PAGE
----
- But proof of work mines that rely on renewables would still be allowed under the potential law; the bill would only place a two-year block on renewing or expanding permits for mines that pull electricity from fossil fuel power plants. And permits for new mines that meet that description would be out as well.
- Seemingly misunderstanding this, Adams said the state should focus its efforts on industry “innovation” and “deadlines” for emissions reduction rather than “bans.”
Mining bitcoin is a fossil fuel lifeline. It gives power plants a new way to generate cash and keep them up and running, but doing so could jeopardize the state’s climate goals. And upstate New York is swiftly becoming a major hub for crypto mining.
- Our fearless leader Brian [Editor’s note: Blushing!] did a deep dive into a particularly controversial site on the shores of Seneca Lake, where a crypto mining operation revived a long-closed coal plant and retrofitted it to run on natural gas. While it sends a small amount of power to the grid, it’s primarily a vehicle for mining bitcoin.
- In a statement about Adams’ attempt to tank the bill, Seneca Lake Guardian Vice President Yvonne Taylor said that “it's frankly shameful to see the mayor of the largest city in the country so nakedly in thrall to crypto cash in the middle of a climate crisis.”
We might not see a decision on the bill until later in the year. Hochul technically has 10 working days after the bill’s June 3 passage to sign or veto it, but governors often bump such decisions until the end of the year.
- In recent comments to reporters, she suggested that the bill’s fate will be decided in a matter of months, not days.
A MESSAGE FROM INTERNET FOR GROWTH
The idea that politicians could restrict cost-effective online advertising and marketing is daunting. These laws could potentially cripple the way small companies like ours do business in this ever-evolving digital age.
Make it rain
Sustainability data firm EcoVadis raised $500 million in a funding round, led by the private equity firms Astorg and BeyondNetZero. The valuation makes it one of the sector’s first unicorns.
As if we needed more acronyms: The electric vertical takeoff and landing vehicle (eVTOL) startup Overair secured $145 in funding, including from Hanwha Systems and Hanwha Aerospace. The money will be directed toward developing a prototype by 2023.
Xendee, a software for distributed energy planning and operations, raised $12 million in series A financing, led by Anzu Partners.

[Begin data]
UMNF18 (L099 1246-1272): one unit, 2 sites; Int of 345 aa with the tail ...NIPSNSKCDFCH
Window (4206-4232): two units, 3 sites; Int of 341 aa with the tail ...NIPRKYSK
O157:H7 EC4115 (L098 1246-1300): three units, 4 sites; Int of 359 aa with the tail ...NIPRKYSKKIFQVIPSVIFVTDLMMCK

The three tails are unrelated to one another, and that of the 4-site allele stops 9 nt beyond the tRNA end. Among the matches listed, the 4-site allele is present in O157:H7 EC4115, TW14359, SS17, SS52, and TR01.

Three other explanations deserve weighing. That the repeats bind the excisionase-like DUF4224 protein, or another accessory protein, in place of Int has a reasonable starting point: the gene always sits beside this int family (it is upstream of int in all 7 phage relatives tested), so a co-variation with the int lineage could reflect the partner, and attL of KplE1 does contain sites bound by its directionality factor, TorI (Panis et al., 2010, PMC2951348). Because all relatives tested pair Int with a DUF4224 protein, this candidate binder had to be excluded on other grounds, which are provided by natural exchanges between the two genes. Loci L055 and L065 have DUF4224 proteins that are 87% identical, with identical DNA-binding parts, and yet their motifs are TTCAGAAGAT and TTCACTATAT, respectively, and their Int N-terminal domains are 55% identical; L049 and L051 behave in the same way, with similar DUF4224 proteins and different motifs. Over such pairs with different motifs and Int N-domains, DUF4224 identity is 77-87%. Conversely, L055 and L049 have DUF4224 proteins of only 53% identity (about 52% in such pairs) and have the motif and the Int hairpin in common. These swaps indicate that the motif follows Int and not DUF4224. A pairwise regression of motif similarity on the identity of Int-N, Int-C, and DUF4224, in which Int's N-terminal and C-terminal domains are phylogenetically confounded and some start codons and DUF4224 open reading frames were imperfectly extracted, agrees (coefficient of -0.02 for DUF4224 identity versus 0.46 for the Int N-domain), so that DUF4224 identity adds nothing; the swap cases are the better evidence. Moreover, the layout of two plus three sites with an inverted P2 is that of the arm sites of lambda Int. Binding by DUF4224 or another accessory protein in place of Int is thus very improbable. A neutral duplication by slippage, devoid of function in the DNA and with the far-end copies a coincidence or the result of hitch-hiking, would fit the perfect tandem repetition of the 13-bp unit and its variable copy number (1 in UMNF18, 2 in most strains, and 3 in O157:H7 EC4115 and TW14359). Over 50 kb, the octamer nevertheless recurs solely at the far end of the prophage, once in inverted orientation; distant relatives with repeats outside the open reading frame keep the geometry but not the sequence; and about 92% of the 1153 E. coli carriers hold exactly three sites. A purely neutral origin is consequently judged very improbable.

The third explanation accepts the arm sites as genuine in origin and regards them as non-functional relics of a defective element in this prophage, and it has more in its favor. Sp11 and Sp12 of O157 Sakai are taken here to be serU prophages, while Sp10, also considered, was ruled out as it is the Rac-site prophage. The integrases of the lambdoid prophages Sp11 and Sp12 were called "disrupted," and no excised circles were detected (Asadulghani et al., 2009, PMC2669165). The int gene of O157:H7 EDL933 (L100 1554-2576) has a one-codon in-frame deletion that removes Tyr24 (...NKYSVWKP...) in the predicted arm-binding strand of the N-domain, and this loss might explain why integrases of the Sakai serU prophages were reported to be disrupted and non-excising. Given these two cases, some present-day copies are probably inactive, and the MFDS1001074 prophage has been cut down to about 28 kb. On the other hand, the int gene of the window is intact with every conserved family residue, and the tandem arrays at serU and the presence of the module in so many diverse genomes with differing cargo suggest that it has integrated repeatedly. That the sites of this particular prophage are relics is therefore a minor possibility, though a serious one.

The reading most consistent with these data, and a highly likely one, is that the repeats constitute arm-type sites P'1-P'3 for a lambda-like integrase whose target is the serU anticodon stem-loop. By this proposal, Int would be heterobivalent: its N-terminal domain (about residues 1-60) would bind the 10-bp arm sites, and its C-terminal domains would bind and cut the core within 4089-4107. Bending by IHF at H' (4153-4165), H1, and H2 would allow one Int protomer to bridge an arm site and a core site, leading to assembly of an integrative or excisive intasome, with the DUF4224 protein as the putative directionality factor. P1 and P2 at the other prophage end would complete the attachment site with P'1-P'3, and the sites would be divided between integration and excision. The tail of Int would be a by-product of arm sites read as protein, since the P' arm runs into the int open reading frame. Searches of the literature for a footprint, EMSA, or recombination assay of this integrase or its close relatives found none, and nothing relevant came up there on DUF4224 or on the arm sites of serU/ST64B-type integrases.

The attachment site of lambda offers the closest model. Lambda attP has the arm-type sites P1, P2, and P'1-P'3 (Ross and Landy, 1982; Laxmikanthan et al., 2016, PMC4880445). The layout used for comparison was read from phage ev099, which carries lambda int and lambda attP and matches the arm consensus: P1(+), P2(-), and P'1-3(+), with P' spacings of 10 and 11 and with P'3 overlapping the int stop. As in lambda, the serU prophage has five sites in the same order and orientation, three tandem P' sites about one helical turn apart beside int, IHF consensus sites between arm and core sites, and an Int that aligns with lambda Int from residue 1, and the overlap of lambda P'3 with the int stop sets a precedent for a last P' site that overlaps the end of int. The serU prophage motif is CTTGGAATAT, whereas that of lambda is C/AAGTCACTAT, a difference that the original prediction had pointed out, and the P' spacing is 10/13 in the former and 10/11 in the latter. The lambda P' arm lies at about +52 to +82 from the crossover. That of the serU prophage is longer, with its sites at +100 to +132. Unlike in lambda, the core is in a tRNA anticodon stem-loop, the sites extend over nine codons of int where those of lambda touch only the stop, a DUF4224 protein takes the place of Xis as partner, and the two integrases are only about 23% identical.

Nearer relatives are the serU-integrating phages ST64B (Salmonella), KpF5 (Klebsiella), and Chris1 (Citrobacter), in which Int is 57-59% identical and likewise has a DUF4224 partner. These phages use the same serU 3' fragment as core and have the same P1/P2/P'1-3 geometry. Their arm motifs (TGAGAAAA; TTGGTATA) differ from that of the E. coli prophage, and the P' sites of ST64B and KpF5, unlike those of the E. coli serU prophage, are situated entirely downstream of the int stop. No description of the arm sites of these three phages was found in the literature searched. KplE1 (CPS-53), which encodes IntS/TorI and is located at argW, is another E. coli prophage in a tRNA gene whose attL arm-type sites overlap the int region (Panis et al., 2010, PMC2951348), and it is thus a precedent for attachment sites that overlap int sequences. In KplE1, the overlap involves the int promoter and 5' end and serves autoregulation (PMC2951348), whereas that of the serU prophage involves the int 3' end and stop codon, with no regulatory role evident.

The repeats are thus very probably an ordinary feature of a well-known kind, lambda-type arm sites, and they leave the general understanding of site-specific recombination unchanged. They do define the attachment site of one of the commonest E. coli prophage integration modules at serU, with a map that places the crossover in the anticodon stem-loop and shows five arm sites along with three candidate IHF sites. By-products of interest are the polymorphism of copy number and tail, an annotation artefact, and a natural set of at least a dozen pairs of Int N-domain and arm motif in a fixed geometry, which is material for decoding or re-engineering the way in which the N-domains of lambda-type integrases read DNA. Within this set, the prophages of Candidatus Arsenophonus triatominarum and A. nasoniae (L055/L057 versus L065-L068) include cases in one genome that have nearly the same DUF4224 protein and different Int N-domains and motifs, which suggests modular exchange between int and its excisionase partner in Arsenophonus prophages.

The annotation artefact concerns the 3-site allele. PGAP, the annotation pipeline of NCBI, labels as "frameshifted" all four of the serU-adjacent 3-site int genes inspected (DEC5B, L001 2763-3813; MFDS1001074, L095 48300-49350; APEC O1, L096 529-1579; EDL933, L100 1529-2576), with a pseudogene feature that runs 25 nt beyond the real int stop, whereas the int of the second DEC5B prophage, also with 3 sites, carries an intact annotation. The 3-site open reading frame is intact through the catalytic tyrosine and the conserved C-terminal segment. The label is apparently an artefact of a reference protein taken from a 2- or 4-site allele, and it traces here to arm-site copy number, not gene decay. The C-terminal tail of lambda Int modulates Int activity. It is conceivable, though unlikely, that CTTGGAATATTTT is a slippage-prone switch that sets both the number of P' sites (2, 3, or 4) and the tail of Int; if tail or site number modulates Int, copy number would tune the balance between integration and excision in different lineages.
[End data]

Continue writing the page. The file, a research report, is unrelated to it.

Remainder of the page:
The floating wind technology developer Wind Catching Systems raised $10 million in series A funding, led by GM Ventures, the automaker’s venture capital arm. GM Chief Sustainability Officer Kristen Siemen said in a statement that it’s a move that complements its transition to electric vehicles, and that it is “critical” that GM “simultaneously drive the transition of the grid to low-carbon energy sources.”
Looking for a job? Terra.do, a platform for climate careers, raised $5 million in seed funding, led by Avaana Capital.
Indian rooftop solar startup SolarSquare raised $4 million in a round led by Good Capital. Lowercarbon Capital also contributed, marking the firm’s first Indian venture.
Carbon dioxide removal operation Travertine is emerging from stealth with a $3 million seed financing round, led by Grantham Environmental Trust and Clean Energy Ventures. The company is angling for pilot-scale implementation in 2023.
In acquisition news, the charging company Blink acquired the electric vehicle infrastructure company SemaConnect for $200 million in cash and stock.
—Lisa Martine Jenkins
Move over, net zero. “Real zero” is the new climate buzzphrase, and power giant NextEra has a plan to get there by 2045. (And a trademark for the term to boot!) The proof, though, will be in the pudding.
Reservoirs are tech. And they’re imperiled tech at that. Lake Mead and Lake Powell are approaching dangerously low levels as the West’s megadrought worsens, and water cuts are on the horizon.
New York lawmakers aren’t the only ones with crypto on the brain. Lawmakers and regulators in Washington, D.C. are also thinking about regulations, though they remain divided on the climate question.
Another day, another debate about offsets. The Voluntary Carbon Markets Integrity initiative is a watchdog for net zero pledges, and it’s trying to gauge the role of offsets in tech giants’ climate claims. The early efforts are decidedly mixed.
Texans should say thanks to wind and solar. Renewables are helping keep the lights (and AC!) on and lower power costs amid record heat.
Airplanes could see their first climate regulations in the U.S. There’s just one problem: The regulations don’t do much of anything to reduce emissions.—Lisa Martine Jenkins and Brian Kahn (email | twitter)
A MESSAGE FROM INTERNET FOR GROWTH
Internet advertising has enabled us to grow our business to what it is today, but proposed regulations limiting advertisers’ ability to reach target audiences would hurt media publishers like us.
Thanks for reading! As ever, you can send any and all feedback to email@example.com. See you Tuesday!